Thoughts on communicative activities

I had the chance to attend a great workshop this morning hosted by two outstanding language teachers from the area.  The theme of the workshop was increasing student speaking in the classroom, and the host teachers presented several handy communicative activities and methods for getting the most out of them.  Both the presenters have extensive TPRS and CI experience, and the activities they demonstrated fit well into a TPRS class.  Some of what they demonstrated was extension to activities I currently use, and some was completely new.  I immediately started thinking of how I would apply it to my class.

However in the midst of my enthusiasm, I had to warn myself to be cautious.  Communicative activities are valuable and a great way to simulate authentic language situations, but it can be tempting to overuse them.  Before I began TPRS, I used communicative activities often.  I was not wrong to use them, but my expectations were unrealistic.  I expected the activities alone to greatly improve my students’ ability to use language.  They do not.  Communicative activities are effective ways to practice or evaluate language use but not to increase the amount of internalized language that a student can use.  Now, I believe the best way to increase internalized language is comprehensible input.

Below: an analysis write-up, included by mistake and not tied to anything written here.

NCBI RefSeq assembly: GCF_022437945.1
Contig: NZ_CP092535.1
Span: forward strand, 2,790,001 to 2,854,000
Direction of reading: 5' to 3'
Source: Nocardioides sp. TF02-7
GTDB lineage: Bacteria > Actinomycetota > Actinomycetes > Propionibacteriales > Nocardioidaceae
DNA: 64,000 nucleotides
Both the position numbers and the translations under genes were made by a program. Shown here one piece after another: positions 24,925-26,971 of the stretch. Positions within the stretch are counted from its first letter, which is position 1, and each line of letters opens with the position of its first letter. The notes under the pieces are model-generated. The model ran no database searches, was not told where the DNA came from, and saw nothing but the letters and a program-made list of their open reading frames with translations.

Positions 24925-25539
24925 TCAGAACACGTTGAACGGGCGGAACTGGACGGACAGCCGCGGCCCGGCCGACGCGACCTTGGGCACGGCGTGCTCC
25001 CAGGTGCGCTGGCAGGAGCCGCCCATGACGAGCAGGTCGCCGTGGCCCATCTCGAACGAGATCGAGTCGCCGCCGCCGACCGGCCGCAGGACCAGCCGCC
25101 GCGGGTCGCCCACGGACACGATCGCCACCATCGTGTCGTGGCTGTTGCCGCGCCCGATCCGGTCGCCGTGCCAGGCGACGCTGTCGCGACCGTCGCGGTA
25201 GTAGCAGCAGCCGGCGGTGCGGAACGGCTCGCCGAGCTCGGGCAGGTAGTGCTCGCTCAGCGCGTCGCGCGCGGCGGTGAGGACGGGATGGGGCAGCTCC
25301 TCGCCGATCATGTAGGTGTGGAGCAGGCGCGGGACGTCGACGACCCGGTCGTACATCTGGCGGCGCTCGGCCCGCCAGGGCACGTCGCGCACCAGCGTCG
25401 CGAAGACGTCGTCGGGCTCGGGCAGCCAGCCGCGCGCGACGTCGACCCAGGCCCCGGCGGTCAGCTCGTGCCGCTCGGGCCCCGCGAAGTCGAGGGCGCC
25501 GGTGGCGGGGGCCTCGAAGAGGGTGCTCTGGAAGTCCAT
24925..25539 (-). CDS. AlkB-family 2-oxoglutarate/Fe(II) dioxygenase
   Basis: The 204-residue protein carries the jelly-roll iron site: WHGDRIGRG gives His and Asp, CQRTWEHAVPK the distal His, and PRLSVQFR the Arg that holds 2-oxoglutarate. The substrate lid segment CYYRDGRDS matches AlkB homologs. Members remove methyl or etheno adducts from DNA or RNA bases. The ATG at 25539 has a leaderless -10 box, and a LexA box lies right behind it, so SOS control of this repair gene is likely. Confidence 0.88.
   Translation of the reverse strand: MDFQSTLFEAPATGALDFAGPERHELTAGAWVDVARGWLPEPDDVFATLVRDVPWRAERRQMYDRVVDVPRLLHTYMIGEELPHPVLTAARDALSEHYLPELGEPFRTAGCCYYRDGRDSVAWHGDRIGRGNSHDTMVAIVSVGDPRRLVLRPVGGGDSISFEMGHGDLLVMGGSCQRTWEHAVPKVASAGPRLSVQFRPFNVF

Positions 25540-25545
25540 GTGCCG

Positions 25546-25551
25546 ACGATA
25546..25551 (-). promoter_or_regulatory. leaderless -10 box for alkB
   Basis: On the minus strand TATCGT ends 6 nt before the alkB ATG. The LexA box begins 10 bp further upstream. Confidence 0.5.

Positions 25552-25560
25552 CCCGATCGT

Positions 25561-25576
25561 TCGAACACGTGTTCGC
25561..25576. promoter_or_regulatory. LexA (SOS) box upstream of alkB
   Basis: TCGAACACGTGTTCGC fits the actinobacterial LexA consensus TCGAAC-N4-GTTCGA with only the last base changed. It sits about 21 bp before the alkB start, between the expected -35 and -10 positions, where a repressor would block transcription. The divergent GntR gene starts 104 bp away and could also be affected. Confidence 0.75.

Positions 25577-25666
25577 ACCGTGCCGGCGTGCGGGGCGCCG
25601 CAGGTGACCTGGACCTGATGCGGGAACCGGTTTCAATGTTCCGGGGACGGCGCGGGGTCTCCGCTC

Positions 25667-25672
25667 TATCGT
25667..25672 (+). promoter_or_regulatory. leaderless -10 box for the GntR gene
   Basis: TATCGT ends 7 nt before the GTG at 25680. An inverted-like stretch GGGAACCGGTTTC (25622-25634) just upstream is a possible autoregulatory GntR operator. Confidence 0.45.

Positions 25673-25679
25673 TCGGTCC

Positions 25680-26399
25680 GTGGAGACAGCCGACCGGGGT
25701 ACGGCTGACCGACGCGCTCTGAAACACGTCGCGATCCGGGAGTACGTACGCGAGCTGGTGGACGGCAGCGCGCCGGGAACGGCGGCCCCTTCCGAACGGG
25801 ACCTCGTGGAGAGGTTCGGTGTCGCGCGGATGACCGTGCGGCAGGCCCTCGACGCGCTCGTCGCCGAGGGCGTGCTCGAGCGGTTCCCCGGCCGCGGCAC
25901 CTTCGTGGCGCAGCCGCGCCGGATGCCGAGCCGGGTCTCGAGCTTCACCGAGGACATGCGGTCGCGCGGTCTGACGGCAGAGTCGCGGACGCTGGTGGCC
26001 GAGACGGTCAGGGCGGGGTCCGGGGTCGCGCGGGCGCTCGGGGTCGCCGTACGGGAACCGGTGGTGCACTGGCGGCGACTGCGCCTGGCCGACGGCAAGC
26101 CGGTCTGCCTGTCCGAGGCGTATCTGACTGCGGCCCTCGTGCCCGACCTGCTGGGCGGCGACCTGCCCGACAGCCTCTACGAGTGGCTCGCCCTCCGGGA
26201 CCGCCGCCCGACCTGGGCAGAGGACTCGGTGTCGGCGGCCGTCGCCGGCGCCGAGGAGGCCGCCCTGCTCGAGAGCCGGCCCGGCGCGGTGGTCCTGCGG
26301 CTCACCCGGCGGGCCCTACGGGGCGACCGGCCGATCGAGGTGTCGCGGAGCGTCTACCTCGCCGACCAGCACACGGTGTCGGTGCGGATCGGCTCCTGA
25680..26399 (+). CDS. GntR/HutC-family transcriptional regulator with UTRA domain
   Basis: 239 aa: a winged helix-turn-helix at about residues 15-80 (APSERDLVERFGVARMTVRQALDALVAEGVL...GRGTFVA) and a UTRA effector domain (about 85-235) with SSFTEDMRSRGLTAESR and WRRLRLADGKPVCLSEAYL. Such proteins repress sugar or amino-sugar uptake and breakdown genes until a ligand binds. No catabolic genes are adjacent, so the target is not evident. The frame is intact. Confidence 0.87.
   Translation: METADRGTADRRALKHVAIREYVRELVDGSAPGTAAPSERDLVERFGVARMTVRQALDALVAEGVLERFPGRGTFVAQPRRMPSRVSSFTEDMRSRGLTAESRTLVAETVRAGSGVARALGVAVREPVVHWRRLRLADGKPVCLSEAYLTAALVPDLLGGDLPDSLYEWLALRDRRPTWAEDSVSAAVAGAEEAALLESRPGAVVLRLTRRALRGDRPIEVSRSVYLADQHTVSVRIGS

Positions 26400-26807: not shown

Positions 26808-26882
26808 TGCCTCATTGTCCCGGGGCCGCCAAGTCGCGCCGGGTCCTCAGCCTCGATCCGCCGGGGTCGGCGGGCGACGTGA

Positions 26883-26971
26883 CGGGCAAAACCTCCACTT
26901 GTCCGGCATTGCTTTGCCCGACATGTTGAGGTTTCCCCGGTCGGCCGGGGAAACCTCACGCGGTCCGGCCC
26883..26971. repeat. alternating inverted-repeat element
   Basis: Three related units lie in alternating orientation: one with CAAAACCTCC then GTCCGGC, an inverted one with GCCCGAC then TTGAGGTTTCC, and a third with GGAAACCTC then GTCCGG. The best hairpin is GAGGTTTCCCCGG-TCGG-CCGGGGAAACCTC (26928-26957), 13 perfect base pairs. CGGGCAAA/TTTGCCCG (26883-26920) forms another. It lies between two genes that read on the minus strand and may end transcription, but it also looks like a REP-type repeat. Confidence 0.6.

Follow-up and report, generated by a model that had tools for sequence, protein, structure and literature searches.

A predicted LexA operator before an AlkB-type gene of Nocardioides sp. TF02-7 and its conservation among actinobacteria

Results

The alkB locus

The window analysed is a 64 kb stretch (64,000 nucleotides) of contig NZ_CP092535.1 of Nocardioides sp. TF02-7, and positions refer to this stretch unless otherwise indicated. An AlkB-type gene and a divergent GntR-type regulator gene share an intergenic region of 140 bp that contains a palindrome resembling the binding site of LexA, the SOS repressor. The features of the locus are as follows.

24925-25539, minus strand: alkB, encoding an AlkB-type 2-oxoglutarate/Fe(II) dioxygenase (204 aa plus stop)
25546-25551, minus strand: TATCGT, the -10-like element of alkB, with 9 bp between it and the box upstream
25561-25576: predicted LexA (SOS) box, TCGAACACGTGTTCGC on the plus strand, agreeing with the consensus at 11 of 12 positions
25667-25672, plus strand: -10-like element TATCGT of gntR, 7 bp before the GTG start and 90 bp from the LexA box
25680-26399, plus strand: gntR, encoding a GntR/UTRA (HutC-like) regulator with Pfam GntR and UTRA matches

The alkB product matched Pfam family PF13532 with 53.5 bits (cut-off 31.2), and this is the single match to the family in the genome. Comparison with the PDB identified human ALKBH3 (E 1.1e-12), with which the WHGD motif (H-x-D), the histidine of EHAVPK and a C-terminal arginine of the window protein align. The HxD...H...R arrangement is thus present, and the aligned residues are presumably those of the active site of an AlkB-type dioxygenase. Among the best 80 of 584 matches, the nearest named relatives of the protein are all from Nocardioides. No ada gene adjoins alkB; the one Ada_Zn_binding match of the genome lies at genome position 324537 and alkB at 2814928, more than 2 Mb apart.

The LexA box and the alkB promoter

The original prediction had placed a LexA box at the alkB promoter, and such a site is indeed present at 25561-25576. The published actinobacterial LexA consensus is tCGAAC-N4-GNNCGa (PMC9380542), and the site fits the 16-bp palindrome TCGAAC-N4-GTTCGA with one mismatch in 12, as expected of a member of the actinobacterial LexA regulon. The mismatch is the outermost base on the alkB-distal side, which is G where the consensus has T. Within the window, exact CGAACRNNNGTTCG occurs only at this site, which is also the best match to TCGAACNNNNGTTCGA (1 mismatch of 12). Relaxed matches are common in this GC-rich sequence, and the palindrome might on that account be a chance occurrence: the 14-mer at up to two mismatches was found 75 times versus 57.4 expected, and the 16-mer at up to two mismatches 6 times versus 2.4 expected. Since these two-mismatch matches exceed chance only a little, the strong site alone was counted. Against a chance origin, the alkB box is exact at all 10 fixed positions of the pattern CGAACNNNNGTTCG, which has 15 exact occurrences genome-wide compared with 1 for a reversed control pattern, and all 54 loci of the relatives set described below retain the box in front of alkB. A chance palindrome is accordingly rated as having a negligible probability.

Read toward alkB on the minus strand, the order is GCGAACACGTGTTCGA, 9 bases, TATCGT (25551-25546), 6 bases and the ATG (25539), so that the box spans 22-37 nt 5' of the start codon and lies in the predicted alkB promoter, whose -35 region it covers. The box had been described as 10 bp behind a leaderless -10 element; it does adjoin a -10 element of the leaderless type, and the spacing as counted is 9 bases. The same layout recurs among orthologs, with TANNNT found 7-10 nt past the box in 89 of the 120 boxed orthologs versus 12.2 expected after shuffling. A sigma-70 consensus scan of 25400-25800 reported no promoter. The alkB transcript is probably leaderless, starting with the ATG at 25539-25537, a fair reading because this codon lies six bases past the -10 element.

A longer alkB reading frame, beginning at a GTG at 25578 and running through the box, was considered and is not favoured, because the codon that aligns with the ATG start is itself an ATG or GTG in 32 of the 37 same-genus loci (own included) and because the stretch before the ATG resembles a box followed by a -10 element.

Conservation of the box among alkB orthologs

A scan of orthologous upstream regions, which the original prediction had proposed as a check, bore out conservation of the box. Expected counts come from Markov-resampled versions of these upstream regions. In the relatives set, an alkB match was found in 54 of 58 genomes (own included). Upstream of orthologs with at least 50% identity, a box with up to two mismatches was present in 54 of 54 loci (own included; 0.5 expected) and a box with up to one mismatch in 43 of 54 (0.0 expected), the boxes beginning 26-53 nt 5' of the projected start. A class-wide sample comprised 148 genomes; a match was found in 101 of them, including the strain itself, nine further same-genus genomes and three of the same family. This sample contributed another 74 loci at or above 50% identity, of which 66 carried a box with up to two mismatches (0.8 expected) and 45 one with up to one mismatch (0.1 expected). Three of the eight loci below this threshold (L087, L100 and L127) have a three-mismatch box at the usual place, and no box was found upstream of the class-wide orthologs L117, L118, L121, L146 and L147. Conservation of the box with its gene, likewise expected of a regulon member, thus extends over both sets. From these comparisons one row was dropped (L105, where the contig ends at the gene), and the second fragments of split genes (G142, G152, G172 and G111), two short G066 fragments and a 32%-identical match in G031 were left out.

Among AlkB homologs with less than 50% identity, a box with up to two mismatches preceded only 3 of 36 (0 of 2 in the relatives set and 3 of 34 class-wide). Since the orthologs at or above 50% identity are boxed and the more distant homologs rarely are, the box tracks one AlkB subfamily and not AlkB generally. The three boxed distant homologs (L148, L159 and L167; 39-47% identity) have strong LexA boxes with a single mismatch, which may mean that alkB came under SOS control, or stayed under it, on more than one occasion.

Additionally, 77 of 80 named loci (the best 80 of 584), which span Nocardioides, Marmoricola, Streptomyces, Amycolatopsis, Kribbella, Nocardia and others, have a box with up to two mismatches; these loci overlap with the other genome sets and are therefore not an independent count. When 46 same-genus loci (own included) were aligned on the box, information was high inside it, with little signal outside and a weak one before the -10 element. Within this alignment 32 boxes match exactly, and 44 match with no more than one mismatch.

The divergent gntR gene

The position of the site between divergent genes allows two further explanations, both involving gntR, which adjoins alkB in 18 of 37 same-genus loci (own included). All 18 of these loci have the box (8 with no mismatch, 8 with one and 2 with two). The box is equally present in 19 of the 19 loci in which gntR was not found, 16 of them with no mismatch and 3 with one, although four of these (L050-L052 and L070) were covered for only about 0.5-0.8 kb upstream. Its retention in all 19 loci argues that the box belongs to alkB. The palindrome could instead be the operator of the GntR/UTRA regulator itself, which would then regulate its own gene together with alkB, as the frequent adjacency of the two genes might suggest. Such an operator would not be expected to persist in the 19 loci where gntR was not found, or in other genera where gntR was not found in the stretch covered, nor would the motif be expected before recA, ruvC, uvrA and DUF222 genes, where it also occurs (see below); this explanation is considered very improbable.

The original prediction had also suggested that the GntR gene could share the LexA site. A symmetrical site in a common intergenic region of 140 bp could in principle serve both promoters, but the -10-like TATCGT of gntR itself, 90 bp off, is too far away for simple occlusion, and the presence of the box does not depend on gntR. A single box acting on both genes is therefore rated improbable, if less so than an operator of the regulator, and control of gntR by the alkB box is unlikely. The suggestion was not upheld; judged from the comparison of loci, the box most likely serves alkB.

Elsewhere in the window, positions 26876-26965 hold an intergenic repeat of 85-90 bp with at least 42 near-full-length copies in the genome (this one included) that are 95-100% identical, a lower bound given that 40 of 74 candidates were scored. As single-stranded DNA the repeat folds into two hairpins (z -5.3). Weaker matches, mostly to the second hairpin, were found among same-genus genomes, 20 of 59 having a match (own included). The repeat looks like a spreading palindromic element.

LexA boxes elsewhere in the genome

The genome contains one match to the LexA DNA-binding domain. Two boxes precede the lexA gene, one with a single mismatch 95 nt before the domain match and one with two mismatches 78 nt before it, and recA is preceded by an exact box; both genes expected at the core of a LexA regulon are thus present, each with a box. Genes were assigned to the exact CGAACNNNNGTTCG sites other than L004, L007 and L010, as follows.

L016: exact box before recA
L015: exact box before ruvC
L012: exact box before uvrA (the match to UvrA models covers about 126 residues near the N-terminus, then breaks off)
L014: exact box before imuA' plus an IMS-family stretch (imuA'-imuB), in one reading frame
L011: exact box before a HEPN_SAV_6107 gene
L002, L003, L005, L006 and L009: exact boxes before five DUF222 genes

Communicative activities are much like writing.  They can be used along with comprehensible input to develop a well-rounded student.  They are a great way to assess a student’s abilities.   But, they are output and not input.  My plan is to use them sparingly for practice and evaluation.  Soon, I’ll post descriptions of some of the activities that were presented today.

Thoughts?  In your opinion, how do communicative activities fit into a TPRS class?

This entry was posted in Communicative Activities, Reflections. Bookmark the permalink.

4 Responses to Thoughts on communicative activities

  1. Martina Bex says:

    Agreed, agreed! Communicative activities are useful for keeping students engaged (they are fun!) and for building confidence in speaking. However, they are NOT (in lower levels, anyway) a way to build language skills. Like you, I used them primarily when I first began teaching, and my students were very good at producing very incorrect speech. Limit the output and maximize the input! In a week of 45 minute class periods, we might spend 20-30 minutes doing communicative activities. The rest of the time, we are doing input. (This doesn’t mean that students aren’t speaking–they may be, but it is either limited and sandwiched in-between input, as a brain break of sorts, or teacher-directed.)

  2. Pingback: The one-sided phone conversation | Bryan Kandel TPRS

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